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Members of Parliament Chris Mullin and Peter Bottomley are co-sponsoring an Early Day Motion, calling on the Government to end the detention of asylum-seeking children.

The Westminster motion from respected MPs on opposite sides of the House will be followed swiftly by a fresh Scottish Parliamentary Motion from MSP Christina McKelvie, whose Central Scotland constituency includes Dungavel Immigration Removal Centre.

Bishop John Packer of Leeds and Ripon and Baroness Haleh Afshar of Heslington will also be pressing the government to inform the House of Lords when it proposes to end child immigration detention.

This gathering storm of parliamentary activity has been sparked by the launch of a new campaign, End Child Detention Now. The campaign grew from a citizens’ initiative to free a two-year-old toddler and his parents from imprisonment in Yarl’s Wood Detention Centre over the summer.

Campaign Co-ordinator Esme Madill, who began the City of York’s first voluntary project for refugees seven years ago, said, ‘the Government claims detention of children is used as a last resort, but 2,000 children are detained each year, many for months on end. This is inhumane and completely unnecessary.’

‘Last year, for example, we learnt of a mother and her three children who were woken at 6am by the sound of immigration officers forcing in their front door. They were given five minutes to pack, then taken in a locked prison van to Yarl’s Wood detention centre. Their mother’s life threatening illness requires a combination of prescription medicine to keep her alive. There was no earthly chance of her absconding.’

‘This summer a two year old was left without his parents for four days when his mother was taken to Dungavel. This family spent more than three weeks in Yarls Wood. In her country of origin, the mother had experienced torture in prison. She was utterly traumatised by arrest and detention here. Unable to eat, sleep or even speak, she fainted frequently in front of her terrified son. We witnessed this. It’s got to stop. So we launched this national campaign to help stop it.’

The Children’s Commissioner for England Sir Al Aynsley Green has condemned the practice of arresting and forcibly detaining children in immigration removal centres and has repeatedly called on the government to end it. The Children’s Society, Bail for Immigration Detainees, the Refugee Council, Save the Children and YoungMinds are among national charities who have demanded that child detention stops.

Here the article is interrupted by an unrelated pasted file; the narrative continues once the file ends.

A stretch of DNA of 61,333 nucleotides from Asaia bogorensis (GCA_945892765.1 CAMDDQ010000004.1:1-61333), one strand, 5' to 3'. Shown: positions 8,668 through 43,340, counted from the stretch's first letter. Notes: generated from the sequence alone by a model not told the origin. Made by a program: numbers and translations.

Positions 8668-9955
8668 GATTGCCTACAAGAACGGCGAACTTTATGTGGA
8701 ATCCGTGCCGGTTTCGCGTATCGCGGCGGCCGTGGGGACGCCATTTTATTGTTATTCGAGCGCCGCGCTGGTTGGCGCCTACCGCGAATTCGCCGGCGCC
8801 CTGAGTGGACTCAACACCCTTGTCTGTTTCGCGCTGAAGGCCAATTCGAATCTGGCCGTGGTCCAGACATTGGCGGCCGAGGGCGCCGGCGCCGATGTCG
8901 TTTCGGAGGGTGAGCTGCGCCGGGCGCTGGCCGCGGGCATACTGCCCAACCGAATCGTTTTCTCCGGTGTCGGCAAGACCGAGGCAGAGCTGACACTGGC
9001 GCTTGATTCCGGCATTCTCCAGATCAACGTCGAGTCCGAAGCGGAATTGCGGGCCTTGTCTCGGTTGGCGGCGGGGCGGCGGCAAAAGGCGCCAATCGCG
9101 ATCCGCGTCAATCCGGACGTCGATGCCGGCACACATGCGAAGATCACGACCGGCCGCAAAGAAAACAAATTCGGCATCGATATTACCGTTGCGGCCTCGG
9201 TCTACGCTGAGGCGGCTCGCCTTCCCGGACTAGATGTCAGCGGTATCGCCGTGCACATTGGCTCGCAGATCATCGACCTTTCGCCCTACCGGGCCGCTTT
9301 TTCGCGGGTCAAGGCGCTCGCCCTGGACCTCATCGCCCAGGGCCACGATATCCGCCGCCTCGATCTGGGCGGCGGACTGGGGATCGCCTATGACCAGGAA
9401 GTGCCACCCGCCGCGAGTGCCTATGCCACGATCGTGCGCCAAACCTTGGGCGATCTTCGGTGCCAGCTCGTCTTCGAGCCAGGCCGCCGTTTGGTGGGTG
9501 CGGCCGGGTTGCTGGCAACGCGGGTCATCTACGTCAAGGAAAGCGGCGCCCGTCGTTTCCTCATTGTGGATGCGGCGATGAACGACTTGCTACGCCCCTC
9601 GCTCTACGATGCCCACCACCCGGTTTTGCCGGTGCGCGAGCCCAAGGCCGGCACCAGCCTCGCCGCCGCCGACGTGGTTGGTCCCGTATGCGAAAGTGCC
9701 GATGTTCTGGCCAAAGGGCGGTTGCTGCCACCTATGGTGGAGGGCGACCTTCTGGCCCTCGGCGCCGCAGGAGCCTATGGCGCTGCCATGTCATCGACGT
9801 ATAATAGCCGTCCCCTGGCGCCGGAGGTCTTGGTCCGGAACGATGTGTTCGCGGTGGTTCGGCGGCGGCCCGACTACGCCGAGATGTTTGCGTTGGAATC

Chris Mullin MP for Sunderland South, whose Early Day Motion was tabled on 12th October said: ‘However humanely they are treated, detention is a deeply traumatic solution for most children. Everything possible should be done to avoid it.’

Peter Bottomley, Conservative MP for Worthing West, the motion’s co-sponsor, says: ‘Our task is to end child suffering, not to add to it by detention. Who wants to answer the question: “What did you do for a child today?” with “I locked her/him up.”‘

Sarah Brennan, Chief Executive of mental health charity YoungMinds, said: ‘In so called, civilised 21st Century Britain why are we locking up vulnerable children and young people in detention centres who haven’t committed a crime? Are they a danger to society or a menace on our streets? These children are no threat to us but the way we treat them is both abusive and inhumane, often just adding trauma to the recent experiences they have had in the countries their families have left.

‘We need to completely rethink the way we deal with the children of asylum seekers if we want clearer consciences, and provide proof of our humanitarian credentials.’

End Child Detention Now has started an online petition here and is calling on people to write to their MPs urging them to back Chris Mullin’s and Peter Bottomley’s motion.

Ms Madill concludes: ‘We want to inspire a wave of protest that forces the Government to stop detaining children and to let asylum-seeking families remain in their community while their cases are being determined. Every other civilised country has come up with a more humane alternative to detaining children. The government has run out of excuses. It is time to end child detention now.’


This House notes with concern that around 2,000 children are detained each year in immigration detention centres, some for periods of several months; notes the opinion of Save the Children and the Children’s Commissioner that this is unjustified and damaging; notes that families with children are among the least likely to abscond and further notes that European Union and Commonwealth countries have successfully introduced solutions other than secure detention for families who have exhausted their immigration or asylum claims. This House therefore urgently calls upon the Government to end the practice of holding children in immigration detention centres.